Victims of Communism and Nazism Remembered by Canadian Leaders on Black Ribbon Day

By Isaac Teo
Isaac Teo
Isaac Teo
Isaac is a reporter based in Toronto.
August 25, 2021 Updated: August 26, 2021

Federal and provincial officials paid tribute to victims of the communist Soviet Union and Nazi Germany on Black Ribbon Day, the National Day of Remembrance for the Victims of Communism and Nazism in Europe.

Established through a unanimous resolution of the House of Commons in 2009, Black Ribbon Day is commemorated annually on Aug. 23, the anniversary of the 1939 signing of the Molotov-Ribbentrop Pact between Nazi Germany and the communist Soviet Union.

According to the European Observatory of Memories, the pact divided eastern European countries into German and Soviet spheres of influence and, soon after the pact was signed, Nazi Germany and the Soviet Union jointly invaded Poland, starting World War II.

As a result of the Molotov-Ribbentrop Pact, “Millions of Europeans were robbed of their basic rights, subjected to violence or murdered, and countless others were forced to flee to new lands,” said Prime Minister Justin Trudeau in a statement on the Liberal Party website.

To commemorate the victims, Trudeau said Canada will stand with the survivors who found refuge in Canada and their descendants who “made extraordinary contributions to our country and have helped build the diverse and strong Canada that we know today,” and with “all those who continue to face violence and persecution from authoritarian and totalitarian regimes.”

“We all have a role to play in defending and protecting human rights and democracy, both here at home and around the world,” he said.

Conservative Party Leader Erin O’Toole said in a tweet that the damage caused by communism and Nazism devastated the lives of generations of people and that his party “will always stand against brutal governments around the world.”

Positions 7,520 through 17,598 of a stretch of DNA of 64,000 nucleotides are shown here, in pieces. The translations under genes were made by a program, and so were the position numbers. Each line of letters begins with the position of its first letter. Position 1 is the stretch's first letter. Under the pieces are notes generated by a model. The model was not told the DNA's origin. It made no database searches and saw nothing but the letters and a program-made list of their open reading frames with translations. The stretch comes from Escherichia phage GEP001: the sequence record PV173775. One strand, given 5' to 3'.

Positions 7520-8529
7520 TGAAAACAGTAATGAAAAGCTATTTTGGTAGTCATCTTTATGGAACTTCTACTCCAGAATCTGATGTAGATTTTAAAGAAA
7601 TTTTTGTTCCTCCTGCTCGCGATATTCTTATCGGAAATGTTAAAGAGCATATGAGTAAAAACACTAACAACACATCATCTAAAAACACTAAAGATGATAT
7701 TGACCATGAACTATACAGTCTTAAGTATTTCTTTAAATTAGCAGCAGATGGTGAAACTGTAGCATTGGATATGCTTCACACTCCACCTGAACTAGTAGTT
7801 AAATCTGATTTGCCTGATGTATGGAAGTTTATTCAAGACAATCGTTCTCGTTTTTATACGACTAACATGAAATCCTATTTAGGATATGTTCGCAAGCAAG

Ontario Premier Doug Ford said in a video on Twitter that “Never Again” should these tragedies repeat in the future, and counselled Canadians to “work together to build a better, safer and brighter future for all.”

Alberta Premier Jason Kenney paid tribute to the victims in a statement, condemning the Molotov–Ribbentrop Pact as “one of the most evil alliances” in human history, resulting in “decades of oppression and untold human suffering.”

Kenney noted that “although they were informed by different ideologies,” the Soviet Communists and Nazi Germany “made use of the same brutal tactics and strategies to commit murder on industrial scales and to enforce a system of oppression and tyranny on previously free peoples.”

“We must never forget the countless victims of these totalitarian regimes, we must take to heart the horrific and tragic lessons of that time, and we must honour those who fought so bravely and sacrificed so much to defeat these terrible forces.”

Cypress-Medicine Hat MLA Drew Barnes also emphasized remembering the sacrifices made by those who fought against “the abhorrent lessons” of the two regimes on Twitter.

Isaac Teo
Isaac Teo
Isaac is a reporter based in Toronto.